According to the account given in the Gospel of John, Judas carried the disciples' money bag
and betrayed Jesus for a bribe of "thirty pieces of silver "
There are two differentcanonicalreferences to the remainder of Judas' life:
says that, after Jesus' arrest by the Roman authorities (but beforehis execution), the guilt-ridden Judas returned the bribe to the priests and committed
suicideby hanging himself. The priests, forbidden by Jewish law from returning themoney to the treasury, used it to buy the potter's field
in order to bury strangers. TheGospel account
presents this as a fulfilment of prophecy.
says that Judas used the bribe to buy a field, but fell down, and
burst asunder in the midst, and all hisbowelsgushed out
Field Of Blood
Another account was preserved by the early Christian leader, Papias: "Judas walked about in this
world a sad example of impiety; for his body having swollen to such an extent that he could not pass where a chariot could pass easily, he was crushed by the chariot, so that his bowels gushedout."
1891 by Nikolai GeRaymond E. Browngave the contradictory accounts of the death of Judas as an example of anobvious contradiction in the Bible texts: "Luke's account of the death of Judas in Acts 1:18 isscarcely reconcilable with Matt 27:3-10."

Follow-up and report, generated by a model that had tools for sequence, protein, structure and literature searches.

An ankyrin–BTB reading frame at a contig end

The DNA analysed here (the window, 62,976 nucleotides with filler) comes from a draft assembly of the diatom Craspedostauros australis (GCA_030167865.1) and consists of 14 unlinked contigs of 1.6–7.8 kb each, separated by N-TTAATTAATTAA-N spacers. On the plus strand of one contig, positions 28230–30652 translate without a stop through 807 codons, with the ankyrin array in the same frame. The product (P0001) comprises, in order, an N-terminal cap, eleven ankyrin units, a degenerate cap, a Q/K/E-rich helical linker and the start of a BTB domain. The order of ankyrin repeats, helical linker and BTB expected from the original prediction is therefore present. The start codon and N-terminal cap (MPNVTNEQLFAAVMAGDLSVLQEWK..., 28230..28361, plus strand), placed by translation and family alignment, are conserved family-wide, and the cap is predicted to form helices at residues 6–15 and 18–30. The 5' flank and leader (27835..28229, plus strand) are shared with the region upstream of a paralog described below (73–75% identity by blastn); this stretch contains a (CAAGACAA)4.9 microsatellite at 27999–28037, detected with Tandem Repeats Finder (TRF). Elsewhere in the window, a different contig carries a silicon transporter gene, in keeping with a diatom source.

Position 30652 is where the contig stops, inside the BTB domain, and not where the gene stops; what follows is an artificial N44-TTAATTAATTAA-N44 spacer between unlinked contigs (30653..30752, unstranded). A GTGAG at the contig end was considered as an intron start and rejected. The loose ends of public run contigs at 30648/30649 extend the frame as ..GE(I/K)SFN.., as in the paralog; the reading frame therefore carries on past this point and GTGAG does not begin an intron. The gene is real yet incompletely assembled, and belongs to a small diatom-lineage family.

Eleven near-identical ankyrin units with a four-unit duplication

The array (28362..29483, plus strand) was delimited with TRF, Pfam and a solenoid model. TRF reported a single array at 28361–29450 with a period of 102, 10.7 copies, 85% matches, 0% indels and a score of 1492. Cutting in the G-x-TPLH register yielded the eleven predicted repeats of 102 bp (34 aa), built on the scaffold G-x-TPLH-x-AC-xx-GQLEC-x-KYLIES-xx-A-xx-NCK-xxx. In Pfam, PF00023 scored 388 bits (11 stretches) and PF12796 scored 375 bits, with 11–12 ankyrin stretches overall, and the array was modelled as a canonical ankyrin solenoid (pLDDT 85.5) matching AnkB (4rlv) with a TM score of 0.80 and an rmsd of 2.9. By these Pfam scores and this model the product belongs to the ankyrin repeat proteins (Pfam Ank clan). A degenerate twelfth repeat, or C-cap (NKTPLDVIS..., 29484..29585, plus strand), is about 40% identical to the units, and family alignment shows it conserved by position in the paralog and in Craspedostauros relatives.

This problem was one of the points that caused C. S.Lewis, for example, to reject the view "that every statement in Scripture must be historicaltruth".
Various attempts at harmonization have been tried since ancient times,
such as thatJudas hanged himself in the field, and afterwards the rope snapped, and his body burst open onthe ground,
or that the accounts of Acts and Matthew refer to two different transactions.
Modern scholars tend to reject these approaches
stating that the Matthew account is amidrashic exposition that allows the author to present the event as a fulfillment of prophetic passages from the Old Testament. They argue that the author adds imaginative details such as thethirty pieces of silver, and the fact that Judas hangs himself, to an earlier tradition about Judas'sdeath.